The spiritual documentary Heal was put on by Blue Diamond Consultants and Interior Wellness last Sunday in the TRU Clock Tower.






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3 Puzzle of the Week #16— Chocolates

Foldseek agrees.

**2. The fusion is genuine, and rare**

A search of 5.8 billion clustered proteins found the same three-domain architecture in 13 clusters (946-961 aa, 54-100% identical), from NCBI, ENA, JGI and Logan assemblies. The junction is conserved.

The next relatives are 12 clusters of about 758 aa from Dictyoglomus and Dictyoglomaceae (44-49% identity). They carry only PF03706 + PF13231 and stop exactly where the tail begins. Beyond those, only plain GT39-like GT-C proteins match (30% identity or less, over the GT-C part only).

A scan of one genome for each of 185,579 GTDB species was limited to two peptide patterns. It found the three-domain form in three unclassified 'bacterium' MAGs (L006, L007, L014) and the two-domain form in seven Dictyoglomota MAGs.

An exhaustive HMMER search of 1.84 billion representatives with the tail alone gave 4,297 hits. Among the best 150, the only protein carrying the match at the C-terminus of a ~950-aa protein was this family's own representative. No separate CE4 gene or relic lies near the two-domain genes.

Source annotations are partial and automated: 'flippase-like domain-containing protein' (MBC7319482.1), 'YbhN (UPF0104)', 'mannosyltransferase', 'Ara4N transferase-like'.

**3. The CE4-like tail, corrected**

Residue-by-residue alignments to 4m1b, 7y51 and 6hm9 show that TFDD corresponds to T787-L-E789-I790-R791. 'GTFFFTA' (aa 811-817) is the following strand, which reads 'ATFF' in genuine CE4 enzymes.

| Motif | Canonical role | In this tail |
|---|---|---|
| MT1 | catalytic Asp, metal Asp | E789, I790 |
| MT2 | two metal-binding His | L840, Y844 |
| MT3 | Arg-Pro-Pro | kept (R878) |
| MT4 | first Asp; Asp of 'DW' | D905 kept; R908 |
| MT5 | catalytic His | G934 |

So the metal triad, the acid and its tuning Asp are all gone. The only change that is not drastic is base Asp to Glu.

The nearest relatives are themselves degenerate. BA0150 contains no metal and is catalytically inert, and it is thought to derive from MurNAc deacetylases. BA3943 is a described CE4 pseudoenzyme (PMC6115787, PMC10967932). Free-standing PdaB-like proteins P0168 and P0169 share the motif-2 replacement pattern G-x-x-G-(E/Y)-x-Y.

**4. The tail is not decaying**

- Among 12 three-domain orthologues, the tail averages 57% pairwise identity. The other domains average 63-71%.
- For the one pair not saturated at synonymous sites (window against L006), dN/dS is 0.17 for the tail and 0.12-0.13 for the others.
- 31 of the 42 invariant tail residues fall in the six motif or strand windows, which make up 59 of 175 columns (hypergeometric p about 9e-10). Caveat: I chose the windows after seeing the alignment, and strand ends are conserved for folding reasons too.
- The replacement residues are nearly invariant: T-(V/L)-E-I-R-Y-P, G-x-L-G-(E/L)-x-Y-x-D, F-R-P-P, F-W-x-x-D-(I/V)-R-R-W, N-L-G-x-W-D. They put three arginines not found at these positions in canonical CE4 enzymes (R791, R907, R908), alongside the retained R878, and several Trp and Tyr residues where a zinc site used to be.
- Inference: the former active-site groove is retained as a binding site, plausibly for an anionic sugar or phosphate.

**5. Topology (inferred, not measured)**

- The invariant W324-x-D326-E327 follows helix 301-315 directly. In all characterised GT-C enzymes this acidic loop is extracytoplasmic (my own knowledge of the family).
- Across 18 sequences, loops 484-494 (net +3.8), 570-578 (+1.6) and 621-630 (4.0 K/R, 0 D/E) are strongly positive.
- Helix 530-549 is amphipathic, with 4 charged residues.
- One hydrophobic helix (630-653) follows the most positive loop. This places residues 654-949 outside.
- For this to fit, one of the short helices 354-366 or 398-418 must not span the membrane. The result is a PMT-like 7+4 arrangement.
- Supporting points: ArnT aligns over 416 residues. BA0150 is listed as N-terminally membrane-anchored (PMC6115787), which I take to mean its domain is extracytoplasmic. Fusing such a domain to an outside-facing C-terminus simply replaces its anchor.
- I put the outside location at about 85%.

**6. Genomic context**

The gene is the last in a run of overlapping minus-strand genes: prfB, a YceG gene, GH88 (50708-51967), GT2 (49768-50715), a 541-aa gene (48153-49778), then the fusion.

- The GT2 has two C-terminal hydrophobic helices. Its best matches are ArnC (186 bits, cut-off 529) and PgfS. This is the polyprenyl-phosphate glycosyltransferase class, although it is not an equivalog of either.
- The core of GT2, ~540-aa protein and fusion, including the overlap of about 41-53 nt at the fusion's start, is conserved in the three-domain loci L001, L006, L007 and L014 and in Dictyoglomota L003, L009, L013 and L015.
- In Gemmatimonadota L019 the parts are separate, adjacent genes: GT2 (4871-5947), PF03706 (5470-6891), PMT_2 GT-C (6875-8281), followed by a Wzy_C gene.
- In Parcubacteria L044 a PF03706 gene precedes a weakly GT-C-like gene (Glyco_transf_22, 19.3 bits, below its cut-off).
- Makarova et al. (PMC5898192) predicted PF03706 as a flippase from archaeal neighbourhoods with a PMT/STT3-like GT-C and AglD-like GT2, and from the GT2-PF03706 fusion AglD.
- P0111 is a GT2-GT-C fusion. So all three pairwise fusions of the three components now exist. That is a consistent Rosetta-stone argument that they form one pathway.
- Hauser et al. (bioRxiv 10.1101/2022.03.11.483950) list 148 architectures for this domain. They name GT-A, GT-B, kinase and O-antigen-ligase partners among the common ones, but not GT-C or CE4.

(in the February 14, 2018 issue of The Omega) You just bought a box of chocolates for your sweetie. There are fifteen chocolates. Looking down at the contents, you see they are arranged in three rows of five. According to the key, the arrangement of flavours is symmetrical, so the top row is the same as the bottom row, the left column is the same as the right column, and the second columns in from both sides are the same. There are six flavours of fillings: cherry, strawberry, and raspberry (the reds) and orange, lemon, and blueberry. Given the following clues, what is the arrangement of chocolates? 1) Lemon are not on the corner, strawberry not on the inside, and cherry not next to lemon (not counting diagonal). 2) The number of lemon plus cherry is equal to the number of raspberry plus orange. 3) There is only one blueberry chocolate. 4) Fewer than one-half of the chocolates are red flavours. 5) There are four each of two flavours, two each of three flavours, and one of the last flavour. This contest is sponsored by the Mathematics and Statistics department. The full-time student with the best score at the end of the year will win a prize. Please submit your solution (not just the answer but also why) by noon next Wednesday to Gene Wirchenko (<>). Submissions by others are also welcome. The solution will be posted the Wednesday after that in my blog ( Come visit the Math Centre (HL304): we are friendly.